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Destination Moon (1950)

Not Rated | | Adventure, Drama, Sci-Fi | August 1950 (USA)
Trailer
2:05 | Trailer

On Disc

at Amazon

One of the first science fiction films to attempt a high level of accurate technical detail tells the story of the first trip to the Moon.

Director:

Irving Pichel

Writers:

Alford Van Ronkel (written for the screen by) (as Rip Van Ronkel), Robert A. Heinlein (written for the screen by) | 2 more credits »
Reviews
Won 1 Oscar. Another 2 wins & 2 nominations. See more awards »

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Cast

Complete credited cast:
John Archer ... Jim Barnes
Warner Anderson ... Dr. Charles Cargraves
Tom Powers ... General Thayer
Dick Wesson ... Joe Sweeney
Erin O'Brien-Moore ... Emily Cargraves
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Storyline

After their latest rocket fails, Dr. Charles Cargraves and retired General Thayer have to start over again. This time, Gen. Thayer approaches Jim Barnes, the head of his own aviation construction firms to help build a rocket that will take them to the moon. Together they gather the captains of industry and all pledge to support the goals of having the United States be the first to put a man on the moon. They build their rocket and successfully leave the Earth's gravitational pull and make the landing as scheduled. Barnes has miscalculated their fuel consumption however and after stripping the ship bare, they are still 100 lbs too heavy meaning that one of them will have to stay behind. Written by garykmcd

Plot Summary | Plot Synopsis

Taglines:

TWO YEARS IN THE MAKING! See more »


Certificate:

Not Rated | See all certifications »

Parents Guide:

View content advisory »
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Details

Country:

USA

Language:

English

Release Date:

August 1950 (USA) See more »

Also Known As:

Endstation Mond See more »

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Box Office

Gross USA:

$5,000,000
See more on IMDbPro »

Company Credits

Production Co:

George Pal Productions See more »
Show more on IMDbPro »

Technical Specs

Runtime:

Sound Mix:

Mono (Western Electric Sound System)

Color:

Color (Technicolor)

Aspect Ratio:

1.37 : 1
See full technical specs »
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Did You Know?

Trivia

Although no date appears on the newspaper, nor does the year appear on the calendar, having the month of June begin on a Tuesday suggests that the film takes place in the year 1954. Subsequent years with matching calendars include 1965, 1971 and 1982. See more »

Goofs

Propulsion for the ship is furnished by water being conducted through a nuclear reactor (called an "atomic pile") which produces extremely high pressure steam. When the ship ascends, we see sparks on the ground, and a red exhaust plume, neither of which would be produced by steam. See more »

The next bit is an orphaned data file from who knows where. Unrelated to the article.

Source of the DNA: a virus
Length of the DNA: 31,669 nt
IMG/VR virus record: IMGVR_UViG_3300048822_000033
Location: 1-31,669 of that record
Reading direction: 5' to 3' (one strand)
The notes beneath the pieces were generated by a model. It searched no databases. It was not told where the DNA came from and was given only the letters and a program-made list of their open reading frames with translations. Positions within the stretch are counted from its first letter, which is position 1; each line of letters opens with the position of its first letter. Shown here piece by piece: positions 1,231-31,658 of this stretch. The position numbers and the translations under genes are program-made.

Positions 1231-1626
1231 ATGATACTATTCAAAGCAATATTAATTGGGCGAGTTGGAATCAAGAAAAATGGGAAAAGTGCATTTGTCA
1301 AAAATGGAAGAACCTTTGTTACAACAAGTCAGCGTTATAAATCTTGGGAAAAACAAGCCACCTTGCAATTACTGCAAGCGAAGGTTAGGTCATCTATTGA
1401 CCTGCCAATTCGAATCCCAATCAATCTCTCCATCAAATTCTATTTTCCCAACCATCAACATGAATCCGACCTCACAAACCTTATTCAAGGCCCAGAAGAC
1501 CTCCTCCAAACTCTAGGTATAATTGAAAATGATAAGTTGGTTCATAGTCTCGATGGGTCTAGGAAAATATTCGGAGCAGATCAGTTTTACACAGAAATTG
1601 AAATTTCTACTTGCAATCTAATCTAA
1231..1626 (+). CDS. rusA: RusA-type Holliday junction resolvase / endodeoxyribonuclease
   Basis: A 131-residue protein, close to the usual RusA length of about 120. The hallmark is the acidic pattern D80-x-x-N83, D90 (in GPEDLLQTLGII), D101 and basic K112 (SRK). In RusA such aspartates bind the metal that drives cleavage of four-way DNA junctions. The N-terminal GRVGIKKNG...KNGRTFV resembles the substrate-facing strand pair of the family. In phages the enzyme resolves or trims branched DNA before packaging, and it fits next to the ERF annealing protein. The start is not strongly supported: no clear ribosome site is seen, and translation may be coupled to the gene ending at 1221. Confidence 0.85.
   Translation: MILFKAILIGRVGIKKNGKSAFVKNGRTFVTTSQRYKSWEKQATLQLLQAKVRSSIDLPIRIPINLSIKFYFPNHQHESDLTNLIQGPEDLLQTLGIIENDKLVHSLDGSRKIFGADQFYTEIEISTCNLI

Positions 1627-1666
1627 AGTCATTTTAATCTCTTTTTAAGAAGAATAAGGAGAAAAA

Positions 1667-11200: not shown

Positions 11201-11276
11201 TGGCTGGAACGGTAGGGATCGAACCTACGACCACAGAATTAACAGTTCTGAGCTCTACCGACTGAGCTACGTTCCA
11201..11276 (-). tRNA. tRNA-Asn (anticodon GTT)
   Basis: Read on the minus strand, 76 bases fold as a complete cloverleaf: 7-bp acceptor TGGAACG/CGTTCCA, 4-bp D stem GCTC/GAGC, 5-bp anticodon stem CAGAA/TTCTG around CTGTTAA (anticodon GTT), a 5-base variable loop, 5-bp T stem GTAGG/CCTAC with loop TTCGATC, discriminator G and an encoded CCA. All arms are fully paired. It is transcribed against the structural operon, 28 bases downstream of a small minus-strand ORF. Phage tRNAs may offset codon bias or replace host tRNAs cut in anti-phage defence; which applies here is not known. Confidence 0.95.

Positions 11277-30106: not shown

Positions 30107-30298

Quotes

Woody Woodpecker: Ha-ha-ha-HA-ha! It'll never get off the ground. Hmph - no propellers!
Cartoon Narrator: Rockets do not employ propellers. They use jets.
Woody Woodpecker: So do gas stoves, but they don't fly to the Moon.
Cartoon Narrator: Obviously you know nothing about rockets. Now, let's pretend that umbrella of yours is a shotgun.
[It turns into one]
Cartoon Narrator: Shoot it.
[Woody shoots and goes sliding backwards]
Woody Woodpecker: Who pushed me?
Cartoon Narrator: The gun, Woody. The charge not only fired out of the muzzle, it kicked back with equal force against the barrel.
Woody Woodpecker: Ahhh, it wouldn't happen again in ...
[...]
See more »

Crazy Credits

At the end of the film, a story of the first flight to the Moon, the words THIS IS THE END are displayed first, then OF THE BEGINNING is added. See more »

Connections

Referenced in Amazon Women on the Moon (1987) See more »

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User Reviews

A rare bit of 1950s science-fiction.
19 June 2000 | by roarshockSee all my reviews

Most science-fiction films are actually raw fantasy, with a disregard for reality that commonly borders on pure contempt. This isn't always a bad thing, since I really like fantasy. But techno-babble and flashy gadgets are too often only gimmicks favored by dumb producers, ignorant directors, and lazy writers who get themselves into of a jam. "Destination Moon" is rare and different. An enormous amount of time and effort were expended to make it as technically accurate as was possible in 1950. Even Kubrick wasn't this consistent in "2001"; he often let gravity appear where it shouldn't be. They never made that mistake in "Destination Moon". So it's unfortunate they didn't spend as much effort on the story and the acting, but both cast and crew were so wrapped up in creating a real moon trip they skimped on these aspects of story telling. The result was surprisingly impressive visuals for the time, but characters who are shallow, trite, and dull, and crises that arise and are solved while leaving us indifferent.

But there is real drama here, the drama of people trying to imagine what was virtually unimaginable back then -- how to actually get people to the Moon and back -- using real physics and engineering. And if it doesn't measure up to the story of "Apollo 13", another technically accurate film about a REAL trip to the Moon, it still stands out as unique among 1950s films and remains almost as unique among all science-FICTION movies ever made.


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